Son of Pickton victim supporting Myran family during Winnipeg serial killer’s trial

Casey Abraham wanted to help because his mom was murdered by Robert Pickton

son of Pickton victim

Casey Abraham, whose mother was murdered by B.C. serial killer Robert Pickton, with his dog, Devo. Photo: Kahtleen Martens/APTN News

Warning: This story shares graphic details of murder trials. Please read with care.

Casey Abraham has sat through the criminal trials of two serial killers.

The first, Robert Pickton, who killed his mother, Sharon Abraham of Sagkeeng First Nation in Manitoba.

The second, Jeremy Skibicki, murdered his friend’s sister, Marcedes Myran of Long Plain First Nation, also in Manitoba.

“Never in my life did I think that I would be involved in another serial killer situation,” said Casey, 35, after the Skibicki trial wrapped up in Winnipeg on June 10.

“It’s not a pattern that I hope keeps up.”

Sharon Abraham in front of the Vancouver Aquarium with her son, Casey, (left) and eldest daughter. Photo: Courtesy Casey Abraham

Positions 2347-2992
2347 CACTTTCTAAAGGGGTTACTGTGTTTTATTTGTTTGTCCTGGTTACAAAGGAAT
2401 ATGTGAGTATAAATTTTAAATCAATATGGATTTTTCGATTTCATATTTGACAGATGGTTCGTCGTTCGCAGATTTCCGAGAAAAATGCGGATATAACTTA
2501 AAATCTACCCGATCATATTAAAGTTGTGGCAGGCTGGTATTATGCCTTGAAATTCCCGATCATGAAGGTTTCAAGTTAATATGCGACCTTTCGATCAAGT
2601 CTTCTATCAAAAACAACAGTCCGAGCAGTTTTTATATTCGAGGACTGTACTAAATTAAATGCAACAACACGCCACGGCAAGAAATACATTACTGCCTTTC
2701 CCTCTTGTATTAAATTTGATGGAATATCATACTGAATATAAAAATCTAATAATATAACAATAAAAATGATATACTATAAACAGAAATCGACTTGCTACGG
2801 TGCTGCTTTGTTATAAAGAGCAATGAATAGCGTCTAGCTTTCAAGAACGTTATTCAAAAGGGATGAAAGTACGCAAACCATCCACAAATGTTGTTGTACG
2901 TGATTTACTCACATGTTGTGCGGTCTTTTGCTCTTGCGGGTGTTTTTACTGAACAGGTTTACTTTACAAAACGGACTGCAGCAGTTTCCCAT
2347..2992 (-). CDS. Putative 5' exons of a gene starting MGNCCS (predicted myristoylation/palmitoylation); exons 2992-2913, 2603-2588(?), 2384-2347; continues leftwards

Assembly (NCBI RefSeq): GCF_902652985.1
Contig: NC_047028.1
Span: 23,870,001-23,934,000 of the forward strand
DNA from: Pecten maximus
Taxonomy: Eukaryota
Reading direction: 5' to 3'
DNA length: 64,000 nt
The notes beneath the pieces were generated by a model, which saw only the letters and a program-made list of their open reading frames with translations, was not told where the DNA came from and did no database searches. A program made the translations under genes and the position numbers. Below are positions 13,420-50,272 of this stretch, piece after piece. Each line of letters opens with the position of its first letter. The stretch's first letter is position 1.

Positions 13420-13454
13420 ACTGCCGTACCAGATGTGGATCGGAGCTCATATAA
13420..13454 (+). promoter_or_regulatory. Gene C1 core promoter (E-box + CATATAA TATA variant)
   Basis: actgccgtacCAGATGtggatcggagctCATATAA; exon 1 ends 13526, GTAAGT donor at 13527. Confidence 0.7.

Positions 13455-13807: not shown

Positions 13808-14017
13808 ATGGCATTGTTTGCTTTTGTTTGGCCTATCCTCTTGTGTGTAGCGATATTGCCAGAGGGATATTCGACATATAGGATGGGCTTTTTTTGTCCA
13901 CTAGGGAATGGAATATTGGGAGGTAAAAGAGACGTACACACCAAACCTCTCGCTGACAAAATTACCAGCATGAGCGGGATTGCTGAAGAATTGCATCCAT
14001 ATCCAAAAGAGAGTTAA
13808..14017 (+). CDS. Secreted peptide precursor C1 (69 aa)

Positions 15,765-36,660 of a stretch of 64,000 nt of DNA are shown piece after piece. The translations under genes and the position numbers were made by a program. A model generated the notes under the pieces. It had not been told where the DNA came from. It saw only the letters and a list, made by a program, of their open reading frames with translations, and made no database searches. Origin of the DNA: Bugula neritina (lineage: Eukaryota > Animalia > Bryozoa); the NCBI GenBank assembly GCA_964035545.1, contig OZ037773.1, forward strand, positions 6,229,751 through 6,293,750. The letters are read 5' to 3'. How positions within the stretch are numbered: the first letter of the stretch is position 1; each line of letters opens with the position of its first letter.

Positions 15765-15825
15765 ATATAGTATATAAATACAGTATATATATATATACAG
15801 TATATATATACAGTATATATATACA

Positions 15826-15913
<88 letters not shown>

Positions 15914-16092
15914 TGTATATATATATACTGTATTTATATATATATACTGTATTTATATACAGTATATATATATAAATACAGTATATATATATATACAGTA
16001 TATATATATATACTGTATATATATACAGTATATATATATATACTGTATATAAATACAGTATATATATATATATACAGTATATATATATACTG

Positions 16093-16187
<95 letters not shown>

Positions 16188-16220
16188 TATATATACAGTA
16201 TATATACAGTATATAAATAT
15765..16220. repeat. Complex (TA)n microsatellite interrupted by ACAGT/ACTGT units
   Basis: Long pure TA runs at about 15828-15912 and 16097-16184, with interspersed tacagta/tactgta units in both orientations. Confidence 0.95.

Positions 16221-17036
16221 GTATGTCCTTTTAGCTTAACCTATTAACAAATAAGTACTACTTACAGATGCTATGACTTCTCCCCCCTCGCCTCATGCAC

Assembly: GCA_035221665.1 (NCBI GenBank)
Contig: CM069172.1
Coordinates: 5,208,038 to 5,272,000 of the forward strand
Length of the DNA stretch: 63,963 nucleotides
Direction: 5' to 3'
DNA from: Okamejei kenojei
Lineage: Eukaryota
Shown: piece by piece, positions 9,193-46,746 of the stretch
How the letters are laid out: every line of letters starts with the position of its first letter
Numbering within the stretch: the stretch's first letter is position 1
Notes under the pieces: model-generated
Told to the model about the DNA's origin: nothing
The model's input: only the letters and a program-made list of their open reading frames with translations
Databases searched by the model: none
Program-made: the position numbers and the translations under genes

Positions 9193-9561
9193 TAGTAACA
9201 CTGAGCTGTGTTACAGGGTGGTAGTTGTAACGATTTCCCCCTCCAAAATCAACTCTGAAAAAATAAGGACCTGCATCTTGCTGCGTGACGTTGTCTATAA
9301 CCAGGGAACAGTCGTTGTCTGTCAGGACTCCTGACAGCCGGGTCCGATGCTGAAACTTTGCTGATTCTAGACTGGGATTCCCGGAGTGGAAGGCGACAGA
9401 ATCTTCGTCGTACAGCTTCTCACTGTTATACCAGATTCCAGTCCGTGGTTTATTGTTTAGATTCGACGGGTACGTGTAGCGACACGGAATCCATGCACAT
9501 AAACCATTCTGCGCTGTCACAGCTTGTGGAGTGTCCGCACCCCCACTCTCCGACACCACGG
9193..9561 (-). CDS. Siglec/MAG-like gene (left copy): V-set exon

In 2004, Casey’s world was shattered when homicide investigators from Vancouver, along with victim services workers, knocked on his foster family’s door outside Winnipeg.

“My mind started reeling because a week before that, I was in high school, we were all passing around the paper about Pickton and we’re all discussing this … something that I had no idea my mom was involved in.”

Sharon, who lived in New Westminster, B.C., had been reported missing by her roommate.

Police told the oldest children they found her DNA – along with the DNA or remains of 32 other women, many of whom were Indigenous – on Pickton’s pig farm in Port Coquitlam outside Vancouver.

“My sister crumpled in my (foster) mother’s arms … I remember getting very, very angry that my sister was so upset.”

An undated photo of Sharon Abraham of Sagkeeng First Nation in Manitoba. Photo: Submitted

Casey said his mother, who was 39, had returned to B.C. after losing custody of her five children in Manitoba.

“We were in and out of foster care our entire lives,” he said in an interview. “They made her jump through a lot of hoops in order to get us back. After a while it just becomes too painful or too hurtful.”

Children from First Nations families make up the bulk of cases in Manitoba’s child-welfare system, statistics show. Advocates say when children are apprehended, mothers lose family benefits and housing, throwing them into poverty and onto the street.

Mental health issues and drug addiction made his mom even more vulnerable, added Casey.